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How does feedback influence professional behaviour in healthcare? A mixed methods investigation using case studies

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Title: How does feedback influence professional behaviour in healthcare? A mixed methods investigation using case studies
Authors: D'Lima, Danielle
Item Type: Thesis or dissertation
Abstract: Health systems internationally are attempting to address the issue of how to monitor and regulate quality of care in order to maintain and drive up standards. In the UK, policy initiatives focused upon revalidation for clinicians and incident reporting raise questions around how best to feedback and use data to support improvement at professional level. Considerable research has been undertaken to outline the processes by which valid, reliable and useful quality indicators can be defined. The evidence base for how to maximise the influence of feedback on professional behaviour, however, remains heterogeneous. Greater research effort needs to be devoted to understanding the underlying mechanisms through which feedback achieves its goals. This PhD therefore aims to describe and investigate the characteristics and mechanisms by which feedback influences professional behaviour in healthcare. Two perspectives are selected to provide alternative viewpoints. The first is focussed upon personalised feedback interventions in anaesthesia and the second centres around organisational level feedback from incident reporting systems. Within the thesis case study feedback interventions from each of the two perspectives are investigated and evaluated using a mixed methods approach. Qualitative analysis draws upon inductive and theoretically informed deductive reasoning whilst both descriptive and inferential statistics are employed to explore survey data. Participants include consultant anaesthetists, safety science experts and risk managers, among others. Synthesis of results demonstrates that providing feedback is a complex, social, quality improvement intervention. Its influence on professional behaviour is a multifaceted interaction between design characteristics/pre-conditions, psychological processes and intermediary outputs. These mechanisms can be better understood from a sociotechnical perspective drawing upon the fields of psychology, human factors, organisational studies and health services research. This thesis presents an integrative model for understanding the mechanisms through which feedback influences professional behaviour in healthcare.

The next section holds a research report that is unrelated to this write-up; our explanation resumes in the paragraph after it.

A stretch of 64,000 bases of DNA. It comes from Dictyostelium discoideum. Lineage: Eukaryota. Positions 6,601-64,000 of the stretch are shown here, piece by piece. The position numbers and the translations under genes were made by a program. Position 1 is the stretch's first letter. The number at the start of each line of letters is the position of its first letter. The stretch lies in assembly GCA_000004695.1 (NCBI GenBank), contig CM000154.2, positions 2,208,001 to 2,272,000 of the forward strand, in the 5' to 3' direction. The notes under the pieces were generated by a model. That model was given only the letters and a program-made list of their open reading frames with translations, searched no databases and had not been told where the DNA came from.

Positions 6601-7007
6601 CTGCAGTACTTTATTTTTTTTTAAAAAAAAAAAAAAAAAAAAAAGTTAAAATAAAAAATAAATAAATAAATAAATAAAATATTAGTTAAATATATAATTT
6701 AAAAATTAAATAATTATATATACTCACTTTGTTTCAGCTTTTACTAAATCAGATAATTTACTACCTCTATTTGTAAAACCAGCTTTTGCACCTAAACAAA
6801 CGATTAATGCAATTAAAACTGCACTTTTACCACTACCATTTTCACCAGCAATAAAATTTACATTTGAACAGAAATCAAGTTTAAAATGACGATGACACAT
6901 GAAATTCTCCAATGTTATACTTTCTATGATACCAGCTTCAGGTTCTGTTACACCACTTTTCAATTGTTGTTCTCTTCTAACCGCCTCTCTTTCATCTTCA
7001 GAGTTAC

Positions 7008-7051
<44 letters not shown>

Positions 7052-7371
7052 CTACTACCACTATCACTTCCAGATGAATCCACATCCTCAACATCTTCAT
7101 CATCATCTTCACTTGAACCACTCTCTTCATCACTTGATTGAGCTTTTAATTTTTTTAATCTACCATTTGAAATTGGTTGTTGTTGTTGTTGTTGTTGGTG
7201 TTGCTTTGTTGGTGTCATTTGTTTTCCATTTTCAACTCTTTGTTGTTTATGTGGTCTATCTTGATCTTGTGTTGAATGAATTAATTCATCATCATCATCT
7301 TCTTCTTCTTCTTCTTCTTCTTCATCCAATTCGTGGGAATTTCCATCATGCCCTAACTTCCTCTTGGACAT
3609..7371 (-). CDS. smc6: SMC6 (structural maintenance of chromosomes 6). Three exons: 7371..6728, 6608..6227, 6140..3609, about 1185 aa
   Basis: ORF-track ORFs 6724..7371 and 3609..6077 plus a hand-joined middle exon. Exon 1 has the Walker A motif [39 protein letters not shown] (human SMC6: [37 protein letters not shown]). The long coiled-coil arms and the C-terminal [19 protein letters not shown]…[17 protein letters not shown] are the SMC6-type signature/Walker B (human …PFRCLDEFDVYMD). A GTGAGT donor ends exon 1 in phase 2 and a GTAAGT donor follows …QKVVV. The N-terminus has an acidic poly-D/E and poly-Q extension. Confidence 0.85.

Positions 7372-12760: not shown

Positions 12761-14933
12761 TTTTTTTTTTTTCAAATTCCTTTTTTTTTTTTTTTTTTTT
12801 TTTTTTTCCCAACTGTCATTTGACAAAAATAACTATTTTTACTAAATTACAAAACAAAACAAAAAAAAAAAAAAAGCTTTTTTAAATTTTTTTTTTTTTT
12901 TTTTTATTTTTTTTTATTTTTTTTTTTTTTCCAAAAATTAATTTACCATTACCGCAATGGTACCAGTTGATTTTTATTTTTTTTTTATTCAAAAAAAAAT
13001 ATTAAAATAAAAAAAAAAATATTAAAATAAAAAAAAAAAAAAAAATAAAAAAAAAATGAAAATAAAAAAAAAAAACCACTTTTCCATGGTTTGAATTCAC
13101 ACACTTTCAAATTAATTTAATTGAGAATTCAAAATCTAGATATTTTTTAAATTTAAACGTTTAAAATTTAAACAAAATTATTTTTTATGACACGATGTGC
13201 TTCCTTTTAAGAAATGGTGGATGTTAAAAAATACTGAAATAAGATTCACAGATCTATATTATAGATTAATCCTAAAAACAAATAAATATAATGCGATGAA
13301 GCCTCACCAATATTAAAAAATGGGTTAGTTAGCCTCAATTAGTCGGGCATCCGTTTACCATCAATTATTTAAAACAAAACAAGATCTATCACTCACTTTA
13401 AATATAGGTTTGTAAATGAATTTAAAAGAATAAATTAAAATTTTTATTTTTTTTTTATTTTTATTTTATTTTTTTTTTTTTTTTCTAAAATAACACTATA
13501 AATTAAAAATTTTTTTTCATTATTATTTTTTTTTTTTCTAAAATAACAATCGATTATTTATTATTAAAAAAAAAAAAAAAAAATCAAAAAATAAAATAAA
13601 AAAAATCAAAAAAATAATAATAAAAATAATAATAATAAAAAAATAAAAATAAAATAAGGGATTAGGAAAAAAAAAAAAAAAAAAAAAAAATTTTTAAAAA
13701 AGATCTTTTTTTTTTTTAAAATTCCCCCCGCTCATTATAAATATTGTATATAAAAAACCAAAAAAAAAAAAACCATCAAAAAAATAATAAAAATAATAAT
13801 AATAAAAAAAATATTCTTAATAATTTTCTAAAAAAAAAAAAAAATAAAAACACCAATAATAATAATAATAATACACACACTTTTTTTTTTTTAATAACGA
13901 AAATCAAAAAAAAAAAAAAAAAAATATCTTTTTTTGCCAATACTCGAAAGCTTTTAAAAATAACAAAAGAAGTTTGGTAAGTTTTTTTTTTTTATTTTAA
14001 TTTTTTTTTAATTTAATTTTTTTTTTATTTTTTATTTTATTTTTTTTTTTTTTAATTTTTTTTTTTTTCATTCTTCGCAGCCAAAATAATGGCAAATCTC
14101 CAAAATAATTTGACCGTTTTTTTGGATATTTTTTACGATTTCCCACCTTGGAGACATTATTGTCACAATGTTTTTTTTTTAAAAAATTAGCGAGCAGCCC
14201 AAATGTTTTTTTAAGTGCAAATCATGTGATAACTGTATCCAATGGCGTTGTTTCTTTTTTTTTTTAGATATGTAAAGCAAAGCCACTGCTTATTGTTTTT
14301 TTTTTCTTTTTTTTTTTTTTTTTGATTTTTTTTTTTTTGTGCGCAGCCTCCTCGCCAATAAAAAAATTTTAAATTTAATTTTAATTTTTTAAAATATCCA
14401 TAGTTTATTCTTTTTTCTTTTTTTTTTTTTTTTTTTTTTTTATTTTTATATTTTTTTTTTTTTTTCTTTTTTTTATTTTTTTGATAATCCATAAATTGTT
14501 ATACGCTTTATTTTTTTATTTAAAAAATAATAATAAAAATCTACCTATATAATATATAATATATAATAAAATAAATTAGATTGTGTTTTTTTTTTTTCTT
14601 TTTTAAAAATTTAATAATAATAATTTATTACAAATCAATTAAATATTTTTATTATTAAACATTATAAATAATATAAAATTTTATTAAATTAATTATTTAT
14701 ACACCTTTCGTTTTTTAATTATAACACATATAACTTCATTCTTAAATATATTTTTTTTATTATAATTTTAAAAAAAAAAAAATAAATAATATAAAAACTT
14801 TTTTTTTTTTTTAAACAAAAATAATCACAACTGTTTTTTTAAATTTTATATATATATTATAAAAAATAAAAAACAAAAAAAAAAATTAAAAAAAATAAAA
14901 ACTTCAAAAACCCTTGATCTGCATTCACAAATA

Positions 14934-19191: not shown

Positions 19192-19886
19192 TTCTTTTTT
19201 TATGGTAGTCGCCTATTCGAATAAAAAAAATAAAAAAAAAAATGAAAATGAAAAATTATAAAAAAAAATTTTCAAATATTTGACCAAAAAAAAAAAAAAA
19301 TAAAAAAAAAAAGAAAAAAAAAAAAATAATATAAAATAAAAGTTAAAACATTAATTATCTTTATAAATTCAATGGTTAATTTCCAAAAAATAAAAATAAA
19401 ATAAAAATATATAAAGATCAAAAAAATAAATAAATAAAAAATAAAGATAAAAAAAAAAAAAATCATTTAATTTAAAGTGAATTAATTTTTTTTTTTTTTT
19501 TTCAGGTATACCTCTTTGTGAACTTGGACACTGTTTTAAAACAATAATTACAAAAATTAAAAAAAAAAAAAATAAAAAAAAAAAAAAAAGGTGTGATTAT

Content Version: Open Access
Issue Date: Oct-2015
Date Awarded: Mar-2016
URI: http://hdl.handle.net/10044/1/39594
DOI: https://doi.org/10.25560/39594
Supervisor: Benn, Jonathan
Bottle, Alex
Sponsor/Funder: Imperial College Healthcare NHS Trust
National Institute for Health Research (Great Britain)
Department: Department of Surgery & Cancer
Publisher: Imperial College London
Qualification Level: Doctoral
Qualification Name: Doctor of Philosophy (PhD)
Appears in Collections:Department of Surgery and Cancer PhD Theses

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